I must admit, I’ve slept in some pretty adventurous places…
And although I love spending the night on top of Mayan jungle temples and on Nicaraguan volcano-islands, I wouldn’t be the first to volunteer to sleep in the middle of a baboon hangout. But, for archaeology, anything….
I have arrived at my final few weeks in South Africa, but it has definitely not slowed down. It has in fact done the exact opposite. Since arriving back in January it has been almost non-stop excavations and surveying, from 500,000 year-old hominins on the shores looking out to Table Mountain, to rock-art searching in the beautiful Cederberg mountains, to Late Stone Age human burials in residential Cape Town, to trekking through the rivers and mountains of South Africa’s semi-desert: the Tankwa Karoo.
Here’s a brief impression of our time in the Tankwa Karoo in search of stone tools…
I was lucky enough to be invited to explore this incredibly beautiful yet very strange landscape in the hunt for tools made by humans both recent(ish) and ancient. Emily Hallinan, a PhD student with Cambridge, has been working in an area east of the Cederberg mountains for a little while now and recruited University of Cape Town collaborator Matt Shaw, as well as another UCT student and myself to venture through the never-ending valleys of the Tankwa to find artefacts.
The area that Emily has honed in on for this trip is a mid point between two sites of hers, one in the Cederberg mountains and the other further in the Karoo.
The team L-R: Matt Shaw, Candice Koopowitz and Emily Hallinan
This is a really special place. Not only did we walk across landscapes so dense with Late Stone Age (~40,000 – 3,000 ya) stone tools that a ‘carpet’ is a accurate term, but they were lying right alongside those from the Middle Stone Age (~300,000 – 40,000 ya), as well as the Early Stone Age (~3.3m – 300,000 ya)! Unbelievable.
A Middle Stone Age point
An Early Stone Age hand-axe (1 million years old or older)
A Middle Stone Age radial core
The artefacts Emily and Matt have found include stunning silcrete points made in a way not seen anywhere but north Africa…until now! (Have a read of their article for more details).
Surface scatters of lithics (stone tools) are rarely in their original archaeological context, however the bizarre intermingling geology of the Tankwa (sandstone, quarzite, diamictite and others) combined with a spectacularly low annual rainfall has created a ‘desert pavement'(as Emily has put it) restricting the movement of material.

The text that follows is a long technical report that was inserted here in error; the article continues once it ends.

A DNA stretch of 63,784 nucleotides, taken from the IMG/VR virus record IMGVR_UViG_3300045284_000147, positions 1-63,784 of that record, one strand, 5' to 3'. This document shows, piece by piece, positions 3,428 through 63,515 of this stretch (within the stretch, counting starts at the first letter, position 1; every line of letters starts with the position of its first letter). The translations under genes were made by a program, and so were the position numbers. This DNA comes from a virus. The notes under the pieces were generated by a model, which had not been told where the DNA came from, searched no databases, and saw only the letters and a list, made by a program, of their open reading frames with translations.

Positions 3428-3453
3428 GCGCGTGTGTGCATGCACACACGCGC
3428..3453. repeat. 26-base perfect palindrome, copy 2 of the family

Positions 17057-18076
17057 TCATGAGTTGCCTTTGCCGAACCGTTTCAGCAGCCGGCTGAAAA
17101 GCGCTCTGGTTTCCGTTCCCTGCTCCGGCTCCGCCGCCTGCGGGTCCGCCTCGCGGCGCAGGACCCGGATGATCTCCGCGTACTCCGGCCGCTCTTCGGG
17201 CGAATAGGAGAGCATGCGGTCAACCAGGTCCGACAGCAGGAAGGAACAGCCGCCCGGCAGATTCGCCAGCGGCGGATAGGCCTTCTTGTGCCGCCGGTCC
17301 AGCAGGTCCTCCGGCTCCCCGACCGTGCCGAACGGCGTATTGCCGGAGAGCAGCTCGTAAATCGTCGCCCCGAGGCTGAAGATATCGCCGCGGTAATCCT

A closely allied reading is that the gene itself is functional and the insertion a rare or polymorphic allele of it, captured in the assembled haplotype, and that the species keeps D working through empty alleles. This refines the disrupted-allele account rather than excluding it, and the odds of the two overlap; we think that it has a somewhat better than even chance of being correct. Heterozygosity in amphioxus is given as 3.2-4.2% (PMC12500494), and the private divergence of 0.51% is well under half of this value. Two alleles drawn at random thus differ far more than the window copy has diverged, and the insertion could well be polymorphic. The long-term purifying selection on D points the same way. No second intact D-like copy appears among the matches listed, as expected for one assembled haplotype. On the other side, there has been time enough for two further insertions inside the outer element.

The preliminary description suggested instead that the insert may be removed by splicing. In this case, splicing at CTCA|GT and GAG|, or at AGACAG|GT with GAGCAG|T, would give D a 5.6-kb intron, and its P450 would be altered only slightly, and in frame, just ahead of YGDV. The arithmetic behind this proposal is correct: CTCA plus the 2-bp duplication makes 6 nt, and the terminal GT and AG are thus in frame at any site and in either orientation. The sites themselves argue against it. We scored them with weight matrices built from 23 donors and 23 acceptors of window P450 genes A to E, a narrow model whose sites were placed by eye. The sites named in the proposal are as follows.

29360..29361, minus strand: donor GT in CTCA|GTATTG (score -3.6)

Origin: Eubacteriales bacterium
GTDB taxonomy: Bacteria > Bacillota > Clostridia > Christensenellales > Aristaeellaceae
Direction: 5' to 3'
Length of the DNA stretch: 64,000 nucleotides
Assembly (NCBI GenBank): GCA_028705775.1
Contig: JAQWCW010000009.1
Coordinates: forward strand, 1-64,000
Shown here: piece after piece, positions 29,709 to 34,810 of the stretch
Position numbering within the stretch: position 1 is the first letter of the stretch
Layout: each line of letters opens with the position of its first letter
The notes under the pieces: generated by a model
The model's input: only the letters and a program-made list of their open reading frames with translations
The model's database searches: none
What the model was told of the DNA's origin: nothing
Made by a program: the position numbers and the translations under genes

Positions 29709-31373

The type of lithic you want to make is achieved by using certain types of rock, by knapping rocks together in very intricate ways, and by modifying the product further afterwards. The earliest lithics, now dated to ~3.3 millions years ago in Kenya, were very rudimentary involving smashing two rocks together. Over the following millions of years, techniques developed into much more precise and selective behaviours as a result of exploiting new environmental niches and the evolution of greater cognitive abilities. Over the two weeks of research, we saw this spectrum of technological development with our own eyes, coming across cruder Acheulean hand-axes (likely ~1m years old or more) up the valley from much more recently crafted blades and retouched points. We even found ostrich egg-shell beads and hunter-gatherer handprints on the cliff wall. Amazing.
Most of the time we stayed in a stunning little house perched on the side of a river valley. We reached the start of our surveying hikes either through driving around the river or canoeing along it. The canoe trips were mind-blowingly beautiful, the river so glass-like that you could turn your head upside down and convince yourself you’re standing upright. In an unexpected, yet classic archaeology-fieldwork kind-of way, we discovered a hole in our canoe whilst paddling back one day, the boat filling up by the minute! In an act of self-sacrifice, I plugged the hole with my thumb, rewarded later with extra chocolate rations (thanks Emily!). The terrain of the surveying was incredible – vast valleys, endless rocky desert, or forests of stabbing 4-inch long acacias…
To continue the craziness of the trip, we learned the house had been booked for the weekend. In the spirit of adventure, we thought it would be fun to camp on the porch of a derelict house in the middle of a dry river valley. The one small catch was that this happened to be the centre of baboon nighttime festivities.
We woke up sometime in the early hours to loud baboon barks behind the house, and a large male replying down the front path. I’m unsure how familiar you are with baboon dental morphology, but lets just say the canines are of an unfriendly size.
Having survived the night (largely through Matt honking the car horn, flashing the lights repeatedly, and revving the engine – maybe we could have hafted lithics to spears if we had the know-how), we were looking forward to staying in a house the farm owners had allocated for us. Unfortunately for us, it turned out to be the most bone chillingly, death-horror-movie worthy, no-one-can-hear-you-scream dilapidated house imaginable. Saying that, we had a great game of carcassonne and slept like babies.
All this drama was only in addition to the catastrophe of the car nearly rolling over down a hill potentially crushing Matt underneath it as it rolled the week before… And yes, there were groups of baboons surrounding us there too.
We even managed to head over to the insane South African version of Burning Man Festival – Afrikaburn. Think thousands of hippies running around in the middle of the desert, setting fire to gigantic wooden sculptures, wearing florescent everything.
What a two weeks! But next time, I’m not partaking without a machete.